Wednesday, June 24, 2015

A Recipe for Love – Dry Me a Raisin

Dried fruit is fruit where the majority of the water has been dehydrated out of the fruit either by the sun or by a dehydrating machine. Dried fruit dates back to the fourth millennium BC in Mesopotamia. It was highly valued for its taste, nutrients and long shelf life. Today the same is true. Nearly half of all the dried fruit sold is raisins. The raisin is considered a traditional dried fruit because it is dried naturally in the sun. Cranberries, blueberries, cherries, strawberries and mango are infused with a sweetener before drying.

The earliest mention of dried fruit goes back to Mesopotamia. Ancient tablets describe recipes for breads and cakes using dried fruit to sweeten. Dried fruit was also part of the Egyptian, Arabic, Roman, Greek and Mediterranean diet. Various recipes mixed dried fruits with spices and honey in breads and cakes 

In ancient China silk, ware and dried fruits were considered costly gifts. And dried fruit was a duty bound gift to a newly-married couple. The symbol of the dried fruit was good wishes for the future marriage. For example the dried  pear symbolized wishes for spouses to be always together, dried apricots meant a wish of success and well-being and as the apricot was a yellow-orange color representing the color of nobility they were a noble gift.. The dried cherry meant wishes for more tenderness in the relations, wishes for a young and youthful spirit and to show a sense of caring about a friend or lover.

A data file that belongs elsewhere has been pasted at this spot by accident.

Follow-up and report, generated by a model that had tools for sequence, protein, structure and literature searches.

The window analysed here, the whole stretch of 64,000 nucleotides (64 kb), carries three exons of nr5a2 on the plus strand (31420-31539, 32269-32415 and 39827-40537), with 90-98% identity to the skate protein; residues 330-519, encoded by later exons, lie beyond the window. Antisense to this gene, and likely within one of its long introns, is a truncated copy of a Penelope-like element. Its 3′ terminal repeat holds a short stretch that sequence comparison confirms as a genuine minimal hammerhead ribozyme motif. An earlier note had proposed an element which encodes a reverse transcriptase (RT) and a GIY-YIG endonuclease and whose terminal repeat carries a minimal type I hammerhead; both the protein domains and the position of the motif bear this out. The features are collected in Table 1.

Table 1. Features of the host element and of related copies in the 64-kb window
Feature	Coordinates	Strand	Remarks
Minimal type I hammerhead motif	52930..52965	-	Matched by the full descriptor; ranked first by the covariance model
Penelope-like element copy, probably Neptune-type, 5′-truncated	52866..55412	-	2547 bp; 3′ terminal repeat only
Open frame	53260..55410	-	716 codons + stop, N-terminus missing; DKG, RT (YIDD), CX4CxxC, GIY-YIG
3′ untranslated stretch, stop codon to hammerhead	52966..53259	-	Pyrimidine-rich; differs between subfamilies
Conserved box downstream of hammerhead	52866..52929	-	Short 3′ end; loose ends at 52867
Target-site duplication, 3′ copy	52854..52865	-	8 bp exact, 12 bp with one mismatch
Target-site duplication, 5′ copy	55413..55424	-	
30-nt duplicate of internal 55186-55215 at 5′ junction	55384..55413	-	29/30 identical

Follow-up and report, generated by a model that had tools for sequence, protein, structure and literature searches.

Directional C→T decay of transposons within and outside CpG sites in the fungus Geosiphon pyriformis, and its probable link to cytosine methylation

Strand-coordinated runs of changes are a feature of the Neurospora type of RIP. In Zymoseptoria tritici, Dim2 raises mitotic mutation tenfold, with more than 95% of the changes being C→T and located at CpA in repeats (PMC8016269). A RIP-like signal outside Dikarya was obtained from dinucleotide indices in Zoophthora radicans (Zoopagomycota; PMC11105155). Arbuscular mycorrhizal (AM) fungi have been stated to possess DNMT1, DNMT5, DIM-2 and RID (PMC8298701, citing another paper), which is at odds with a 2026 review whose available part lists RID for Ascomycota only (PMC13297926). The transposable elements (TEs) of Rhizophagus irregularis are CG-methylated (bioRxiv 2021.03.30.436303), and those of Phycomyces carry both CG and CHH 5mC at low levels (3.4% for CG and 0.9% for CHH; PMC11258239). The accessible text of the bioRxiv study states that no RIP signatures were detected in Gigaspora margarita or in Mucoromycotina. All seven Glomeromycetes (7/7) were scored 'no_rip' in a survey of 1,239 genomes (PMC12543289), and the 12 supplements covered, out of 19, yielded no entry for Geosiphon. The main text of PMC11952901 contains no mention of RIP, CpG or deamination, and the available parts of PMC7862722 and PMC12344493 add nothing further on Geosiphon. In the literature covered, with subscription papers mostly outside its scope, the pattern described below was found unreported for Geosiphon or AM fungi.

The cultivation of grapes began in Armenia and the Eastern regions of the Mediterranean in the 4th century B.C. Raisins were manufactured by burying the grapes in the sand  beneath the desert sun. Quickly drying fruit, using the sun, spread across Northern Africa. The Phoenicians and the Egyptians popularized raisin production most likely because of their ideal climate for drying the grapes. They stored them in jars and allotted them to the temples. They also included raisins in breads and pastries that were made with honey, milk and eggs.

Raisins were highly prized and traded as valuable commodities. Although they are higher in sugar content than non-dried fruit; dried fruits supply plenty of nutrients, fiber and sweetness. Used in breads and and baked goods, sugar can be reduced while getting a supply of vitamins and minerals for bone health, cardiovascular health, oral health, intestinal health, weight management and meeting the standards for a healthy diet.

 In 1754 – George Washington begins his long residence at Mount Vernon. Raisins were a staple at the dinner table. Martha Washington prepared what she called a "plumb broth" made of marrow bones, bread, sugar, raisins, and currants. George proclaims it "the greatest success achieved by Mrs. Washington since our marriage." Now that’s a recipe for love!

An ancient Chinese philosopher once said:

            "Dried fruits are fruit learnt wisdom."

Doctor Lynn


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